BERMAN: I can't imagine what they're going through right now.

Other news for us. An object of interest found on the Australian coast. The question now, is it connected to the missing plane? that's coming up next.



HISHAMMUDDIN HUSSEIN, ACTING TRANSPORT MINISTER, MALAYSIA: In the next few days, we'll talk to other entities to look at the possibility of increasing the assets for the next phase. The time line I have to discuss with Angus Houston, but it will not be in the next few days. What is more important is that the search continues and this is an assurance that we'll give to the families of the passengers.


BERMAN: That was Malaysia's acting transport minister confirming that more assets might be added in the next phase of the search for flight 370. That's six and a half weeks since the jet liner vanished. Still not a single piece of debris has been confirmed, but questions now is about whether that could be about to change.

PEREIRA: We stress could because a sheet of metal with rivets washed ashore on the coast of western Australia about 186 miles south of Perth. They are calling it an object of interest. We know that it's been photographed and being examined and tested as we speak.

We want to bring in our CNN analyst, Rob McAllen, he joins us. Of course you know he's an ocean search specialist and professional expedition leader to talk about all of this. Good to have you with us again, Rob, @ THIS HOUR. Flights, we know, first of all postponed for a second day because of stormy weather. There was a tropical cyclone in the area a month ago. Another cyclone in the past week might have kind of whipped up the waters and the winds and potentially debris. How much of an effect does that have on an expedition such as this?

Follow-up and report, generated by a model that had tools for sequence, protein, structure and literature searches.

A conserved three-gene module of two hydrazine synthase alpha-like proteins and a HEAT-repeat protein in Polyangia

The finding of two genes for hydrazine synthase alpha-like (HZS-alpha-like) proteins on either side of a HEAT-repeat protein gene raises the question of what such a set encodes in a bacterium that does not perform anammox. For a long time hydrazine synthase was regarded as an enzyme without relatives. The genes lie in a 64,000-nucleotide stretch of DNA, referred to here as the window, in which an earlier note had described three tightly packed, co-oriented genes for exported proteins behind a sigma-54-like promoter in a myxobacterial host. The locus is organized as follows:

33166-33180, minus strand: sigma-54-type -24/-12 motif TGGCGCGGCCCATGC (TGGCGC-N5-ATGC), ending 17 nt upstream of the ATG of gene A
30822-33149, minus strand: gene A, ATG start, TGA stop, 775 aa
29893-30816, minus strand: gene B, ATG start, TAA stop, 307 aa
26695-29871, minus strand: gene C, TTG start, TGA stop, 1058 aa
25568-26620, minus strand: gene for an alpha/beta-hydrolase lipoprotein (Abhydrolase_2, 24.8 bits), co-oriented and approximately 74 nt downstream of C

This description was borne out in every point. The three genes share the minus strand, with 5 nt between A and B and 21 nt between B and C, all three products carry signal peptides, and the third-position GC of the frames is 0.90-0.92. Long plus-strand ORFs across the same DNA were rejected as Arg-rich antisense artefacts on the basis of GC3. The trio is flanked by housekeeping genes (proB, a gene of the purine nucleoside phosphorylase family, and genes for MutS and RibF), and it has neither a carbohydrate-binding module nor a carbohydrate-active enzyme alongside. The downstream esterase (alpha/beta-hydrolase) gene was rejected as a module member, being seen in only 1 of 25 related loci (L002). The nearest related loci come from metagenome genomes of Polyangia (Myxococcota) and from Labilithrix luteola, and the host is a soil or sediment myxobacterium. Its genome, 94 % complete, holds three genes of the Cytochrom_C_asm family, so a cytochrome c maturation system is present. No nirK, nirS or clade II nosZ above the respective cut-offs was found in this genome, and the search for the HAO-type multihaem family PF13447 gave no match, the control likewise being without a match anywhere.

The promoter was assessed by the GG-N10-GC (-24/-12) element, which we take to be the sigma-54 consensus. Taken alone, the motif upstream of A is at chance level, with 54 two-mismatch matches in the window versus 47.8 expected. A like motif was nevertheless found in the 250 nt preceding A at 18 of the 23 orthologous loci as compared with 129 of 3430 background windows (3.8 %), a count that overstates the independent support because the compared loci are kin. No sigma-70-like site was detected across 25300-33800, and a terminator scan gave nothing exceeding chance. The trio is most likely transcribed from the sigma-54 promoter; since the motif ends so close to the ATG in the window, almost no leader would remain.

ROBERT MCALLEN, CNN ANALYST: Well, you know, any surface storm, anything that whips up the surface of the sea place havoc with AUV operations. We have already seen Bluefin delayed on one mission because whether. As winter approaches any AUV that requires launching and retrieving everyday we will suffer the same kind of setbacks. In terms of the debris, we're a long way into this now and I think that you'll start to see the search for debris wind right back over the next few days.

BERMAN: Wind down over the next few days you said?

MCALLEN: Yes, I think that is the case. I mean any debris that's been out there has been floating for a long time now. Interestingly this morning the report of debris washing up ashore in Australia will is a reminder that whatever debris is out there will eventually end up on a coastline somewhere. And that will be our first tangible clue as to where the airliner might be.

BERMAN: The Bluefin, we are told, is 80 percent done searching underwater in that search area. You've been through searches of this nature before. What are the chance that this submersible missed something?

MCALLEN: You know, it's always possible. The Bluefin has searched 80 percent of its assigned area and there are other areas it may be assigned to. When you use side scan sonar you are beaming sound through the water in order to collect imagery and any time the platform vehicle, the autonomous underwater vehicle, makes a turn or has to adjust altitude to avoid collision with terrain, that's when you can get squidges (ph) or gaps in the data. It is important that the data that's collected is reanalyzed by a fresh set of eyes to make sure nothing was missed and if it was, go back to blank spots.

PEREIRA: Hopefully they'll do that. Also we should point out that the Malaysia transport minister says they could be adding further assets in the coming weeks as the reconfigure their plan. Rob McAllen Thanks so much for joining us again giving us some insight into challenges of an underwater and oversea's search that is going on. Thanks so much. MCALLEN: Thank you.

PEREIRA: It has certainly also been a challenge for those crews that are searching desperately for the victims of the South Korean ferry disaster. Coming up we are going to speak to a man who led the search after the Costa Concordia tipped over. You remember that, off the coast of Italy. He'll explain what it's like for crews, in South Korea, to search for victims and evidence all in deep, murky water. That's ahead.